His motive may have been to merely assume supplies for his party, however, motive is irrelevant in criminal liability, as is established in Lord Advocates Reference case. This case also saw the accused convicted even though he didn’t carry out any physical violence. George has physically attacked the shopkeeper, and this could be enough to charge him with robbery and assault. Overall, to charge George with assault and robbery could be a wildly disproportionate response to his crimes. The facts of the case demonstrate that he fulfills the actus reus and mens rea of robbery as he wrongfully appropriates the shopkeeper’s property without consent with an intention to deprive him of it.
His assault towards the clerk then turns this theft into robbery. Had he carried out an additional violent attack on the shopkeeper or had he severely injured him then a conviction of assault and robbery would be justified but this is not the case here. To charge George with assault and robbery would be unfair. It would create legal uncertainty as George has committed a robbery and he should be charged as such. Finally charging George with assault and robbery, a crime considerably more serious than robbery, would be wildly disproportionate. The principal aims of the Scottish criminal law are to be certain, proportionate and, arguably, fair and none of these principles will have been adhered to if George is convicted of assault and robbery.
Thirdly, I believe that it is fair for Harry to be charged for art and part complicity of assault and robbery, although he did actively willingly participate in an ongoing offence. Although George did not make Harry aware of his previous actions or the events that had occurred prior to George getting into Harry’s vehicle, Harry did in fact become involved in the ongoing offence via mere abetment of the crime itself through acting as the ‘getaway vehicle’. ‘Art and part liability’ (5) is the concept that where two or more individuals engage together is criminal activity, each individual is guilty of the whole crime regardless of the part that each individual played. The degree of involvement that may render an individual guilty can range from mere abetment to full participation in every part of the actus reus of the crime committed (6). In this case, Harry was not aware that George had committed any criminal activity prior to their interaction, however, Harry’s ‘art and part liability’ in this case is seen as mere abetment to the criminal activity as he did in fact aid George’s escape of the crime scene.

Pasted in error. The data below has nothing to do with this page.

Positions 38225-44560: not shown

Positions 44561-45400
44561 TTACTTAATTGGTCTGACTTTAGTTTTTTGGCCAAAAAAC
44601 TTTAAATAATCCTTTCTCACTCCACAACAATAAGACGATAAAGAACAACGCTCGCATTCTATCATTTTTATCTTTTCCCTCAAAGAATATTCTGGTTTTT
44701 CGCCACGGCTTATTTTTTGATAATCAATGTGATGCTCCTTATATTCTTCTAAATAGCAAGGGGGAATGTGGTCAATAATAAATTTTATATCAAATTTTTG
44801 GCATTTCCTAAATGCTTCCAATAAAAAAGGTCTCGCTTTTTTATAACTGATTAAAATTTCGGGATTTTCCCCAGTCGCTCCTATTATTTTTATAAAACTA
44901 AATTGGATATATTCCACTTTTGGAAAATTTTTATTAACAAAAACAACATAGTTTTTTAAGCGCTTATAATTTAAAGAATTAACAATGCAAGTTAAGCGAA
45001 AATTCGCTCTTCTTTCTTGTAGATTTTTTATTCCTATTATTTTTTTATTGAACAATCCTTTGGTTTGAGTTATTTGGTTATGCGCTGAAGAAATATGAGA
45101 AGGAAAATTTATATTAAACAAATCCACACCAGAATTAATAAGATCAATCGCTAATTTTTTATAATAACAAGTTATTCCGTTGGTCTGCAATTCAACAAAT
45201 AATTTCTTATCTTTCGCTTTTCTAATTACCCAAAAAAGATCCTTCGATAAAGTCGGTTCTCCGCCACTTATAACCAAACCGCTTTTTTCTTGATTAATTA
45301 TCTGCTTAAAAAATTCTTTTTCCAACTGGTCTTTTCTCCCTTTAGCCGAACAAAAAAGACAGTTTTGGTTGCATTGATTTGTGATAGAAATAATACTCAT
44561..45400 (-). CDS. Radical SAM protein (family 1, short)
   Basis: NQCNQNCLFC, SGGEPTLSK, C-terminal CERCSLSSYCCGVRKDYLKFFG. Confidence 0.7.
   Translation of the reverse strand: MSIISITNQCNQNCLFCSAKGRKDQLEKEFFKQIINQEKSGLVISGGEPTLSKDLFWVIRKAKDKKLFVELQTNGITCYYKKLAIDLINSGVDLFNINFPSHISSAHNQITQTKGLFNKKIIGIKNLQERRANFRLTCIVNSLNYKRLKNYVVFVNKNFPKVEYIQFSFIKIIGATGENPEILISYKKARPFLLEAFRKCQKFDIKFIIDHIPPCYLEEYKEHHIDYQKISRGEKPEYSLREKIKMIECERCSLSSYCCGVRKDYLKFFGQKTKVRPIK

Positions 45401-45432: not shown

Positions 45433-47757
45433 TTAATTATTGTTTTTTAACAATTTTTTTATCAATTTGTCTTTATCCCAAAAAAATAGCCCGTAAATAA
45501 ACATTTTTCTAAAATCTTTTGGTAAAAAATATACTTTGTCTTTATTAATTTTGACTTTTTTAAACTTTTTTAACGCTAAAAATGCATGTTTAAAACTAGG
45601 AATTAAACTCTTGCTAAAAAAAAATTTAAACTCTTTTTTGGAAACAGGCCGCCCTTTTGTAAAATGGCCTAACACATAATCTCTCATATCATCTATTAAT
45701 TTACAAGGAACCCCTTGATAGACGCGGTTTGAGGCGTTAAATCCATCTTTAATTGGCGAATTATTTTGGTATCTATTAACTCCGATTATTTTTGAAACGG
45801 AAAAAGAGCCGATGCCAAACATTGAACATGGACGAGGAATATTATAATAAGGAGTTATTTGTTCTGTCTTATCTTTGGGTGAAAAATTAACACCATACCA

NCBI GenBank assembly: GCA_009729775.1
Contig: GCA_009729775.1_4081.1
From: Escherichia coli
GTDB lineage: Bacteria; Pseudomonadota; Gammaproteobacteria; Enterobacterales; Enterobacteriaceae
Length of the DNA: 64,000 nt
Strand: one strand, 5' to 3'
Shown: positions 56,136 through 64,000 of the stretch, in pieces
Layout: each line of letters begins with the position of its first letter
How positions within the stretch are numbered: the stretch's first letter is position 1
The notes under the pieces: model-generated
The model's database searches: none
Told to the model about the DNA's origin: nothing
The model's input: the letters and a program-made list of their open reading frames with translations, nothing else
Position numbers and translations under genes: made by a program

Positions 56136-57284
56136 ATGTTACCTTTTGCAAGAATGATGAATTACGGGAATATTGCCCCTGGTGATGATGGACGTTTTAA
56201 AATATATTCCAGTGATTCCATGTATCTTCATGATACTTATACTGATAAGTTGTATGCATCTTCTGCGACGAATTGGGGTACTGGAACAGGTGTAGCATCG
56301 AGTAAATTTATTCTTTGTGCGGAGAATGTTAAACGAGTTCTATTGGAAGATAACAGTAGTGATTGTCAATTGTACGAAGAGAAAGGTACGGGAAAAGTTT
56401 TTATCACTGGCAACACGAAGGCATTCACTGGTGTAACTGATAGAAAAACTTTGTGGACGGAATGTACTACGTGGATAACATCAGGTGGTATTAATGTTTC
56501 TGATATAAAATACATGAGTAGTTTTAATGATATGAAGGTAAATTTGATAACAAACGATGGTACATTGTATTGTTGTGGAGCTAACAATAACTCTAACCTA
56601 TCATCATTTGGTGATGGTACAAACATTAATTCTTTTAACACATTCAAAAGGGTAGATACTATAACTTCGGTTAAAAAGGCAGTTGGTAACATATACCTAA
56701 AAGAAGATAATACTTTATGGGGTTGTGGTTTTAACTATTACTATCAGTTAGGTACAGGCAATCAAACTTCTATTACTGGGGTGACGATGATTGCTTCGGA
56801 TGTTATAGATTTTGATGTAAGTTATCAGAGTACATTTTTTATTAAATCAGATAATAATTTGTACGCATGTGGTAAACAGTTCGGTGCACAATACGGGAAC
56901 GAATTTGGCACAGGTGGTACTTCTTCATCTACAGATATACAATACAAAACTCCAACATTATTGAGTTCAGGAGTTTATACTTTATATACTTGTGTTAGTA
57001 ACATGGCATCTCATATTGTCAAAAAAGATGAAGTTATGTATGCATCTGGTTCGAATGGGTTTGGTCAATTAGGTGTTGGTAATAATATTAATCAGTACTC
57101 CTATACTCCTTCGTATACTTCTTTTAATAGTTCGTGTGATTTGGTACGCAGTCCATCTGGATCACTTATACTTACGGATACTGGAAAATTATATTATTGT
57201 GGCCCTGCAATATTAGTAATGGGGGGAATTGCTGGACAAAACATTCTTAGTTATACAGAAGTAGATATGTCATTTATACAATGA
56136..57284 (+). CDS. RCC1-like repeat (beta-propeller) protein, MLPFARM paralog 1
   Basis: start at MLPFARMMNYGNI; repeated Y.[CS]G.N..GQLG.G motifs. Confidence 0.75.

Additionally, according to the definition of ‘art and part liability’, Harry becomes increasingly involved in the actus reus of the full crime as he consumes the stolen goods alongside George. Upon the arrival of the police, it would be unknown that Harry was not involved in the full crime, and therefore they would believe that he was involved in the full actus reus of the crime in the same way as George. However, if Harry was made aware of George’s actions prior to driving him away and was involved in the full actus reus of the criminal activity; in this case the actus reus of robbery is the appropriation of property belonging to another, without consent, as well as the actus reus of assault; which is the direct infliction of violence, then it would also be appropriate to hold him guilty for art and part complicity of assault and robbery.
Using the reasoning that Harry was unaware of George’s previous criminal actions yet became involved via mere abetment and consumption of stolen goods, and that you do not need to be involved via full participation in every part of the actus reus of the crime committed (e.g. in this case, Harry was not involved in the assault or robbery but became involved in an ongoing offence), it is fair for Harry to be charged with art and part complicity with assault and robbery. In conclusion, George has been charged with merely one crime; assault and robbery, as a result of how he came to assume the goods of which the majority were stolen. Robbery is defined as “the taking of property of another by force, either of violence or intimidation” and according to the Theft Act 1968 (c.
60) (7) “An individual is guilty of robbery if he steals, and immediately before or at the time of doing so, and in order to do so, he uses force on any person or puts or seeks to put any person in fear of being then and there subjected to force.” In George’s case, he has clearly fulfilled the full mens rea and actus reus of robbery through his violent conduct towards the shopkeeper and assumption of the goods. According to the Crown Office (8), where a theft follows or is followed by an assault, there may be a need for two separate charges as opposed to the charge of a single crime; assault and robbery.
If the criminal act of theft occurs after an assault, which can be seen here in the case of George, it will be the responsibility of the High Court of the Justiciary to decide whether the force was used with an intent to steal. Section 8(2) of the Theft Act 1968 shows that in the case of assault with an intent to rob, ‘no demand of one’s money or property is necessary to support the allegation of assault and robbery’ (8), where the intent to rob cannot be proven by evidence from surrounding circumstances (e.g. George not having enough money to purchase five packets of crisps), it is up to the Court to determine whether a charge of assault is necessary if no specific intent to rob can be proven.
If robbery is theft accomplished via an assault, and George has successfully fulfilled the actus reus of assault but not fulfilled the mens rea, I believe that he should merely be charged with robbery as a single crime. George has a clear intent to rob what he cannot afford, and there is clear evidence for this, therefore to charge him with an additional charge of assault is unjust as he has successfully committed a violent theft. I also believe that due to Harry’s mere involvement in the actus reus via abetment of the criminal activity, he is liable in art and part complicity of assault and robbery and therefore his charge is just under the definition of art and part complicity.